Three years after the worst dry spell on record for Texas, fourth-generation rancher Stayton Weldon still doesn’t have enough water for his 300 cattle near Cuero, about 89 miles (143 kilometers) southeast of San Antonio. Dry grass on his 2,600 acres (1,052 hectares) has no nutrition. He has lost 22 cows and two bulls in the past year.
“We need rain -- bad,” the 75-year-old Weldon said, looking at animals scraping at patchy grass on land that his family has been on since 1856. “We’ve got tremendous drought problems. It cuts your herd size down because people have to sell off to provide for the cattle that are left.”
The cattle herd in the U.S., the world’s largest beef producer, probably fell to the smallest in 63 years, a Bloomberg survey showed. More than 80 percent of Texas, the biggest producing state, is still abnormally dry, and ranchers such as Weldon are struggling to recover. Fewer cattle will mean production in the $85 billion beef industry drops to a 20-year low in 2014, the U.S. Department of Agriculture said. Retail costs for the meat are at an all-time high, government data show.
Cattle futures rose 4.3 percent this month and touched $1.432 a pound on Jan. 22, the highest since trading began on the Chicago Mercantile Exchange in 1964. The Standard & Poor’s GSCI gauge of 24 raw materials dropped 1.3 percent since the end of December, and the MSCI All-Country World Index of equities declined 3.9 percent. The Bloomberg Dollar Index, a gauge against 10 major trading partners, climbed 1.2 percent, while the Bloomberg Treasury Bond Index rose 1.6 percent.
U.S. ranchers held 87.99 million head of cattle as of Jan. 1, according to the average estimate of six analysts surveyed by Bloomberg News. That’s the fewest for the date since 1951 and would mark the seventh straight year of contraction. The U.S. Department of Agriculture is scheduled to release its semiannual inventory report at 3 p.m. today.
Extreme weather around the world is wreaking havoc with farmers and threatening global food production.
The period from October 2010 through September 2011 marked the driest 12 months for Texas in records going back to 1895, according to John Nielsen-Gammon, the state’s climatologist. The dry conditions destroyed pastures and caused $3.23 billion of losses in livestock. It was followed the next year by a surge in feed-grain prices during the worst Midwest dry spell since the 1930s. California had its driest year ever in 2013, threatening the state’s cattle herds and dairy cows.
While slaughter has been the main factor driving herds lower, the rates are now slowing as more ranchers hold back cows to increase breeding. About 31.95 million head of cattle were slaughtered in 2013, down 1.5 percent from 2012, the USDA said in a report Jan. 23. The number of cows slaughtered fell 3 percent from a year earlier, USDA data show.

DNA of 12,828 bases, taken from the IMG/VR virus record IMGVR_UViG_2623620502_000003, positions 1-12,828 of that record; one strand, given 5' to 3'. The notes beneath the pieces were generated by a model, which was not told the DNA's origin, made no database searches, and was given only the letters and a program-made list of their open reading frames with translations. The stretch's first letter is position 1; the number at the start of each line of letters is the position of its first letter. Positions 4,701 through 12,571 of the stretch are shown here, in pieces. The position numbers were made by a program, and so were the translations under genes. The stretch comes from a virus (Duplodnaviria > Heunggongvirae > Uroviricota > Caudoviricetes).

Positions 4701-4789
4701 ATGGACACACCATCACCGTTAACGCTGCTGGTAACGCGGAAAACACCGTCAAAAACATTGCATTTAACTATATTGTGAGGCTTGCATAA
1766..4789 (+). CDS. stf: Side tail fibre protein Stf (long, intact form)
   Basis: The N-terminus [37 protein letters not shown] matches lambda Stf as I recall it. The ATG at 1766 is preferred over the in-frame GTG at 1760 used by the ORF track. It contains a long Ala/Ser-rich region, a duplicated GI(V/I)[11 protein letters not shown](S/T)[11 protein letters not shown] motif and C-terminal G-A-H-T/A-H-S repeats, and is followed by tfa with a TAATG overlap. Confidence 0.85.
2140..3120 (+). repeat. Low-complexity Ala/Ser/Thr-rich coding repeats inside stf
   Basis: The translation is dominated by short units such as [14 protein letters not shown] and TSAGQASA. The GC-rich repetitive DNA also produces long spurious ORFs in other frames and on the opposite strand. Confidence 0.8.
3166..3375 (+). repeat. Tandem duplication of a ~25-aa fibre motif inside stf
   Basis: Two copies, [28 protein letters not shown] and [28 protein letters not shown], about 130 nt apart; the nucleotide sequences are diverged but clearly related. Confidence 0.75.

The number of young, female cattle held back for breeding probably rose 3.1 percent to 5.53 million head, according to the Bloomberg survey. Beef supplies will keep falling because those heifers aren’t going to the feedlot, said John Nalivka, president of Sterling Marketing Inc., an agricultural economic research and advisory company in Vale, Oregon.
“It’s a real ironic situation that most people wouldn’t think about,” Nalivka said. “At the initiation of herd expansion, you actually reduce your production. That means we’re going to have tight beef supplies for the next two to three years.”
Expanding the U.S. herd is a slow process. Calves have nine-month gestation periods and take 20 months to 22 months to reach slaughter weight, according to Ron Plain of the University of Missouri in Columbia. Animals typically are fattened on corn until they weigh about 1,200 pounds (544 kilograms), when they are sold to meatpackers. The calf crop probably declined to 33.57 million head, down 2.1 percent from a year earlier, the Bloomberg survey showed.
U.S. commercial beef output will drop 5.4 percent this year to 24.32 billion pounds (11.03 million metric tons), the lowest since 1994, the government forecast Jan. 10. That would mark the fourth straight year of declining production.
Americans may pay as much as 4 percent more for beef this year, after prices rose 2 percent in 2013, according to the USDA. That compares with as much as a 3.5 percent gain projected for overall food costs. The price of all-fresh retail beef climbed to a record $5.036 a pound in December, USDA data show. While global food costs tracked by the United Nations declined 3.4 percent in 2013, meat prices increased 0.5 percent.
While corn, the main ingredient in livestock feed, dropped 49 percent since reaching a record $8.49 a bushel in August 2012, prices are still 25 percent higher than the average of the past two decades.
Texas Roadhouse Inc., the Louisville, Kentucky-based steakhouse chain, raised prices in the last two years, trying “to fight off” beef inflation, Scott Colosi, the company’s president, said Jan. 13 during an investor presentation.
For beef, “the supply side remains tight,” said Jim Robb, the director of the Livestock Marketing Information Center in Denver, which is funded by the industry, universities and government. “On a year-over-year basis, we’ll set record wholesale-beef prices, record retail-beef prices and record-high cattle prices.”